A baseline that rises or drops when using flash chromatography with a UV detector can be a problem, especially if you are trying to collect compounds with poor detectability or that exist in low quantities.
In this post I will talk about the causes and solutions for a rising (or even dropping) baseline.
A chromatographic baseline that changes during a run can be catastrophic to your results. If the baseline rises it may obscure compound detection or increase fraction collection volume. If the baseline drops, the separated compounds may not be detected. So, why does this happen and what do you do about it?
The most common reason for baseline changes during a gradient run when a UV or UV-vis detector is used is that the mobile phase solvents absorb UV at different wavelengths during the purification run. Figure 1 shows this with a normal-phase purification using hexanes and ethyl acetate solvents. Using a diode-array UV-vis detector and detecting with all available wavelengths (200-800 nm) as shown by the tan-colored trace, the baseline rises notably. This is because ethyl acetate absorbs UV between 200 and 252 nm, Figure 2. The red and black traces are specified wavelengths in the visible spectra range where ethyl acetate is transparent.
If the strong solvent (typically solvent B in an A to B gradient) absorbs UV, then the baseline will rise, if the weak solvent absorbs UV as with a DCM/MeOH gradient, then the baseline can drop. For compounds absorbing in this UV range, detection may be compromised.
Other reasons for changing baselines include…
- Changes in solvent refractive index during gradient elution
- Inadequate cartridge equilibration (not enough equilibration solvent)
- Dirty stationary phase (a good reason not to reuse silica cartridges)
- UV absorbing pH modifiers
So how do we prevent a changing baseline from occurring? Well, as seen in Figure 1, individual wavelengths can be selected which are beyond the UV cutoff. While this will work, detection at specific wavelengths usually reduces the amount of material collected (notice the reduced peak heights for the red and black traces compared to the tan trace in Figure 1). If compound recovery or yield is a chromatographic goal, this may not be the ideal solution.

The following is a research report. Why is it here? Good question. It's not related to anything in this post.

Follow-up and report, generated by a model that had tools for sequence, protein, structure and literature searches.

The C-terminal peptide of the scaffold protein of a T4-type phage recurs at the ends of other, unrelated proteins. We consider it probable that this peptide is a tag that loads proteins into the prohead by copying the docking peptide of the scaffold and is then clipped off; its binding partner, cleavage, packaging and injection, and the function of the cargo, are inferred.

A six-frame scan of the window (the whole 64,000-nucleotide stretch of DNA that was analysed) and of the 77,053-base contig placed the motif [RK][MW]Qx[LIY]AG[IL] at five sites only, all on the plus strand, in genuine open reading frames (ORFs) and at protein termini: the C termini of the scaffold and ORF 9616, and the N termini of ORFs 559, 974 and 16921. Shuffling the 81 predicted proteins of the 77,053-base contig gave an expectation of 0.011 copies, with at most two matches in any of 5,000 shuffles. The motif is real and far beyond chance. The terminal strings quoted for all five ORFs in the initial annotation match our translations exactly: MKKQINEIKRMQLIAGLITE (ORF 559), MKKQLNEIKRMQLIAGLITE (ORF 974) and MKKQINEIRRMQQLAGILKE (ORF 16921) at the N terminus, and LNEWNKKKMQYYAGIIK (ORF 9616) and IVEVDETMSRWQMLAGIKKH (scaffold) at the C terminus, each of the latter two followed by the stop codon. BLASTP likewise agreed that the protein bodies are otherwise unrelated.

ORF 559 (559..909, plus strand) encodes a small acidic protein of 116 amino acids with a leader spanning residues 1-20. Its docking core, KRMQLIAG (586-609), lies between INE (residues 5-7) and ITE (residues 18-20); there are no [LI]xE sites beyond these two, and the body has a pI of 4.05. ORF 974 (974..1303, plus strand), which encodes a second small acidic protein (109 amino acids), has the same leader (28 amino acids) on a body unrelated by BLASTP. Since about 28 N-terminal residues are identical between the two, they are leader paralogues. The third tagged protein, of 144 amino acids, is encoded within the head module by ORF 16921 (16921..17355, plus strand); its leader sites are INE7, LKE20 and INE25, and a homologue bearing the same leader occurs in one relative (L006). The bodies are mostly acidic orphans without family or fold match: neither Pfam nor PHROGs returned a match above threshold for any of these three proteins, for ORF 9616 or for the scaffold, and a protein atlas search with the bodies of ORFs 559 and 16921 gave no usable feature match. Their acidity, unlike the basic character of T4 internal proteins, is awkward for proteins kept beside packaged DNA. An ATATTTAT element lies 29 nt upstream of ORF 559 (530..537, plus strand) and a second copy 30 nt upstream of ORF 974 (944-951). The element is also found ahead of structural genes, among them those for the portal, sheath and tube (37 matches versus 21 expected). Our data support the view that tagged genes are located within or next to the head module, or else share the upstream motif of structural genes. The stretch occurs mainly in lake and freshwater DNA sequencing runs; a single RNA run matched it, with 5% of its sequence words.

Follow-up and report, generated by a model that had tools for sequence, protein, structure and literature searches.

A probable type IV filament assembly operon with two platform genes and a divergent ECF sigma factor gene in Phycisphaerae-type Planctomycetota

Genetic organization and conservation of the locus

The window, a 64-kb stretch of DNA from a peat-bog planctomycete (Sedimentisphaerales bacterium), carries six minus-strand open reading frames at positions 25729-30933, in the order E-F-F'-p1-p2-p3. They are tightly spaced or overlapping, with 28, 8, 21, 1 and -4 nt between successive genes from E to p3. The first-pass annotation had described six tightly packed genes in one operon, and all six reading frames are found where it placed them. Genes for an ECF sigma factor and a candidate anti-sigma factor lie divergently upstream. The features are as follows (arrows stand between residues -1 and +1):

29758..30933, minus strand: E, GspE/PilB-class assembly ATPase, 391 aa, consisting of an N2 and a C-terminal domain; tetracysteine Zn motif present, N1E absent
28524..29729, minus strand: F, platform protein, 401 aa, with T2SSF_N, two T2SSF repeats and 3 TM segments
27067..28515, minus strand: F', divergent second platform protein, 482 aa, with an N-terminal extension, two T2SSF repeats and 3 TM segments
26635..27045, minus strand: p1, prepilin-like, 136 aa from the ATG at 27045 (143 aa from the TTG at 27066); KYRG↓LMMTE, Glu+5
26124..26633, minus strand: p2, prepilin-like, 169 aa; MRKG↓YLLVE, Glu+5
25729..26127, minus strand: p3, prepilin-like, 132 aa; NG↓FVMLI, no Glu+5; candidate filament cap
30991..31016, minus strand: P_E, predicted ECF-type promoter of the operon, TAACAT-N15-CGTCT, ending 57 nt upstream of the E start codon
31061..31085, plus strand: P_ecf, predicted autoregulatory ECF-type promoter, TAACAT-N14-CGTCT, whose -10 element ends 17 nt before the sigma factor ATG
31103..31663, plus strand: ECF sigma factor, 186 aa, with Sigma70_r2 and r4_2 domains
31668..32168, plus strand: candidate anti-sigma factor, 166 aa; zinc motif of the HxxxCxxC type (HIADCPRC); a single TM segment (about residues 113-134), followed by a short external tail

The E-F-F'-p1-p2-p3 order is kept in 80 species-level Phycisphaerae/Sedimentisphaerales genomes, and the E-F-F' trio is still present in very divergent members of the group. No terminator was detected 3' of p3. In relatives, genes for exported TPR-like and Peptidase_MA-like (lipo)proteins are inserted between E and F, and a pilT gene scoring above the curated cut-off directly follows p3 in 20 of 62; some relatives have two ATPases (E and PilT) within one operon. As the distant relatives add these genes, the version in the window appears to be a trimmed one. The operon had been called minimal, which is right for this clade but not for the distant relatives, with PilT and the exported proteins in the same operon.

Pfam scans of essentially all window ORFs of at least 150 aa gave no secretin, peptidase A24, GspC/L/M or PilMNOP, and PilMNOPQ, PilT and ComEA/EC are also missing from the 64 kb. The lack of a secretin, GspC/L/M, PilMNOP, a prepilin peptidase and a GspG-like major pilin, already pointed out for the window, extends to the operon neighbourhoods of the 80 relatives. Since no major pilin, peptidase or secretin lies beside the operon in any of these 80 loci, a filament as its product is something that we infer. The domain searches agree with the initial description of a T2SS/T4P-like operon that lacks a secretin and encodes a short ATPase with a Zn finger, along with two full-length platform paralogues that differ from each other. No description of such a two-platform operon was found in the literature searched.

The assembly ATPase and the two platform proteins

Other options are found in Table 1 and include…
- Collect all of the chromatographic effluent. This ensures everything is collected but also increases the amount of fractions to test for product and increases the total fraction volume to evaporate; it does not fix the problem
- If pH modifiers are used then ensure they are made to the same concentration in each mobile phase solvent, or, if the flash system is capable, include the pH modifier as an isocratic third solvent
- Ensure full cartridge equilibration. I have found three column volumes (3 CV) is a minimum acceptable volume
- Change cartridges (if using normal-phase silica). Polar compounds can absorb and elute later causing fraction contamination and detection issues
- Clean your cartridge (if using reversed-phase). Like with silica, strongly lipophilic compounds can stick and elute later. Washing with strong solvents (methanol, acetonitrile, acetone, etc.) can wash off impurities
- Use your flash system’s UV correction capability if it is enabled. This eliminates the issues related to both solvent UV absorption and refractive index changes
Replace silica cartridge Do not reuse Use baseline correction If part of flash system capability Fully equilibrate the cartridge At least 3 CV is recommended Equalize pH modifier concentration Dope each solvent with the same amount of modifier or incorporate the pH modifier as an isocratic third solvent Clean the cartridge (reversed-phase) Use a series of increasingly stronger solvents - methanol, acetonitrile, acetone - to remove lipophilic compounds
In my experience, the way to best address this issue is to use fresh cartridges and have the flash system correct itself in real time for the solvents’ UV absorption. Unfortunately, not all automated flash systems have this capability, but if yours does, take advantage of it.
Baseline correction, at least with the Biotage Isolera™ Spektra, eliminates a changing baseline in real time, Figure 3. By subtracting the solvent’s UV absorption during the purification run, compounds are more easily detected with better sensitivity and they are collected in much smaller volumes compared to non-corrected baselines (compare to Figure 1).
Have you experienced this issue? If so, how have you fixed the problem?
For more information on UV baseline correction, click on this link and register.
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